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Legal Specialties for Children and Adults with Disabilities and Their Families

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Publications and other resource material for families and professionals.

Robert H. Farley, Jr. writes and publishes on disability and disability law regularly. Below is a sampling of currently available articles and publications.

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Publications and articles are available for reprint by not-for-profit agencies and parents groups; please see reprint requirements on our publications page.

Workshops, Seminars and Presentations

Robert H. Farley, Jr. is available to speak to parents groups, organizations, and agencies on a wide variety of issues related to disability advocacy and disability services. Popular topics include:

  • Adult Services for Developmentally Disabled Persons
  • Waiting List for Services: Fact or Fiction

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Federal Class Action Filed Against State of Illinois; Claims State Fails to Provide Mandated Mental Health and Behavioral Services to Medicaid-Eligible Children

Read an FAQ regarding this case here.

Read the full complaint here.


September 30, 2011

The Legal Team of Robert H. Farley, Jr., Michelle N. Schneiderheinze, Mary Denise Cahill and Alysha Briggs-Miller, have filed a Federal Class Action Lawsuit against the State of Illinois due to its failure to comply with Federal Laws which mandate that medicaid eligible children (up to the age of 21) who have behavioral or emotional disorders, receive intensive mental and behavioral services in order to correct or ameliorate their conditions.

The State of Illinois is aware that children (up to the age of 21) with severe developmental disabilities or severe mental illnesses or severe emotional disorders fail to receive the medically necessary home and community-based services to address their needs. In 2010, the State issued a report which identified over 18,000 persons through the age of 21 with severe mental illnesses and emotional disturbances and yet only 220 of these children received intensive community based services.

The State of Illinois failure to comply with federal laws, results in unnecessary repeated hospitalizations for some of the class members. Some of the class members are "locked" out by their parents and guardians in order to access State services. Some of the class members are on "Waiting Lists" for needed services. Some of the class members have been told to apply for "Individual Care Grants" and the reality is that most of these requests are denied as in one year only 81 grants were awarded out from over 1,000 requests for funding. Parents and caregivers are given the runaround and told to play the alphabetical soup game and seek services from "DMH" or "ICG" or "DHS" or "ODD" or "DRS" or "CRSA" or "PUNS" or "SAS" or "ISCA" or "ISBE" and the harsh reality is that at the end of the day (years), the needed services are not provided.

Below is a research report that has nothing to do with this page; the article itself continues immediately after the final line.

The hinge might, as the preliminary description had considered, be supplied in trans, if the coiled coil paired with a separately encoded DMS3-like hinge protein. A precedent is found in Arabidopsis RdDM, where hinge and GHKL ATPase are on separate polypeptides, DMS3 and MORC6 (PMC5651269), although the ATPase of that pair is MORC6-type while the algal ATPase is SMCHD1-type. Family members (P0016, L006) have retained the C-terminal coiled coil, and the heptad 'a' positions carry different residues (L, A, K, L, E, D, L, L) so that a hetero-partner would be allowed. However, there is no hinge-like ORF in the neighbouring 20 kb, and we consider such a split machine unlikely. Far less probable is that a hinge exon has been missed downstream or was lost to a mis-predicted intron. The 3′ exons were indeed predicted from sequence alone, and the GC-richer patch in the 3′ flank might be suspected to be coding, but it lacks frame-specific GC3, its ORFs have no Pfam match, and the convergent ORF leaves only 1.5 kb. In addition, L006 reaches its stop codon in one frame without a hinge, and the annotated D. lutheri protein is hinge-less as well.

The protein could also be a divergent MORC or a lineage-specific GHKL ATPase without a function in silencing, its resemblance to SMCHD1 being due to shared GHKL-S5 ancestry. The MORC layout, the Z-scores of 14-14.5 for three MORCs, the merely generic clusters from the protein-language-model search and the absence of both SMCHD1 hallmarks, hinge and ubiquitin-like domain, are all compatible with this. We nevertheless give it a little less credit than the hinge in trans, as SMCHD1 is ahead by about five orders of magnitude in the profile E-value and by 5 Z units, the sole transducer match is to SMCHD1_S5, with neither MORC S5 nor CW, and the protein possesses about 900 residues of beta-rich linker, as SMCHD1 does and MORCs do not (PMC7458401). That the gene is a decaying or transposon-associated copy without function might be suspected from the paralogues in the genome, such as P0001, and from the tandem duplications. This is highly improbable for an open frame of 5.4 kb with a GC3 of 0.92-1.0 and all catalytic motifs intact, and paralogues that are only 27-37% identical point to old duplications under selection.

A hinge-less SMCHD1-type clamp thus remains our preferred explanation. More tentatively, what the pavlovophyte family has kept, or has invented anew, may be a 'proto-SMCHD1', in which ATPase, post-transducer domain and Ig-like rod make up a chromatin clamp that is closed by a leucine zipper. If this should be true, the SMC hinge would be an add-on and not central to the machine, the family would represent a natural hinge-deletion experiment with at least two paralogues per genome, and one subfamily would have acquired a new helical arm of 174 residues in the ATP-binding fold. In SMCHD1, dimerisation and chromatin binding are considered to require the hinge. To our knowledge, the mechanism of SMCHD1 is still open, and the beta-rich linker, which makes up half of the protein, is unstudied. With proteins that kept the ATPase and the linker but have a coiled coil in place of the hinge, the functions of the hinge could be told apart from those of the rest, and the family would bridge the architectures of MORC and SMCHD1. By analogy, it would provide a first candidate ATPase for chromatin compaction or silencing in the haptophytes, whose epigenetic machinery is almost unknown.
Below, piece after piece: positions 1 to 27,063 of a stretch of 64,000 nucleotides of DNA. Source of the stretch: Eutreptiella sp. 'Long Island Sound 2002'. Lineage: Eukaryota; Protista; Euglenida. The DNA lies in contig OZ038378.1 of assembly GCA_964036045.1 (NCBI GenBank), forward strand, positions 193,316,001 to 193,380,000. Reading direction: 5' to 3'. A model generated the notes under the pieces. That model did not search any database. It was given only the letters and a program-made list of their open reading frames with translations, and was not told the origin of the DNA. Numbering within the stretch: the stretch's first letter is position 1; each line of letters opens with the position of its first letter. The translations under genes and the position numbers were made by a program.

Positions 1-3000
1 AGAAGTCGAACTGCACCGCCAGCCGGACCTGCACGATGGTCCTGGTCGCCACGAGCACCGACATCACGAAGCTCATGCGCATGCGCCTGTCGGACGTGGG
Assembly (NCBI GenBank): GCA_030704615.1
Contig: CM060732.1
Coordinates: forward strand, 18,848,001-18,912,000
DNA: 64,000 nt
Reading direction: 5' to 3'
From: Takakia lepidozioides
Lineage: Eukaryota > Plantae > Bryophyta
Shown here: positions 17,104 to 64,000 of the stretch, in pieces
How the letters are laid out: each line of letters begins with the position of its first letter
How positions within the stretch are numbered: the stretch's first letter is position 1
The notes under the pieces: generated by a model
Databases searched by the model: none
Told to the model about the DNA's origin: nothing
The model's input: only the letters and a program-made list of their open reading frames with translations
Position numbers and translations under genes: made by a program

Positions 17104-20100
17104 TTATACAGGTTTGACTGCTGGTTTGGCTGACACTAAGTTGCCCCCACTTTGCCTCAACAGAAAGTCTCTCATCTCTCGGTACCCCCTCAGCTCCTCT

The United States Department of Justice in support of a similar federal class action in another State, wrote that "[t]he denial of EPSDT services results in significant harm to children with behavioral or emotional disorders, including exacerbation of their conditions, deterioration to the point of crisis, and unnecessary institutionalization in violation of the ADA."


Q. Do the children have to qualify for Medicaid?

Answer: Yes, and if the child is under the age of 18, then family income is considered. HOWEVER, if the child is 18 years or older (18-20), then family income is not considered and then you only look at the child's assets and income.

Q. Is my child, who I adopted through DCFS, eligible for intensive home based or residential treatment through EPSDT as part of the subsidy agreement regardless of my income?

Answer: Yes.

Q. Can the State have a "Waiting List" for this program?

Answer: No. Every child who has a medical need for these services must be served.

Q. If my child has Medicaid and is on the PUNS list waiting services, is he or she legally entitled to immediate services?

Answer: Yes.

Q. If my child has Medicaid and has been denied an ICG-Illinois Care Grant for intensive community based or residential treatment, can he receive these same services immediately through EPSDT?

Answer: Yes.

Q. If a child qualifies for funding at age 18 and since the EPSDT program ends at age 21, will the child lose ongoing services?

Answer: Courts have ruled that if the child still needs the services, then the Americans with Disabilities Act (ADA) requires the State to continue to provide these services.

FOR MORE INFORMATION: Call Attorney Robert H. Farley, Jr., at 630-369-0103.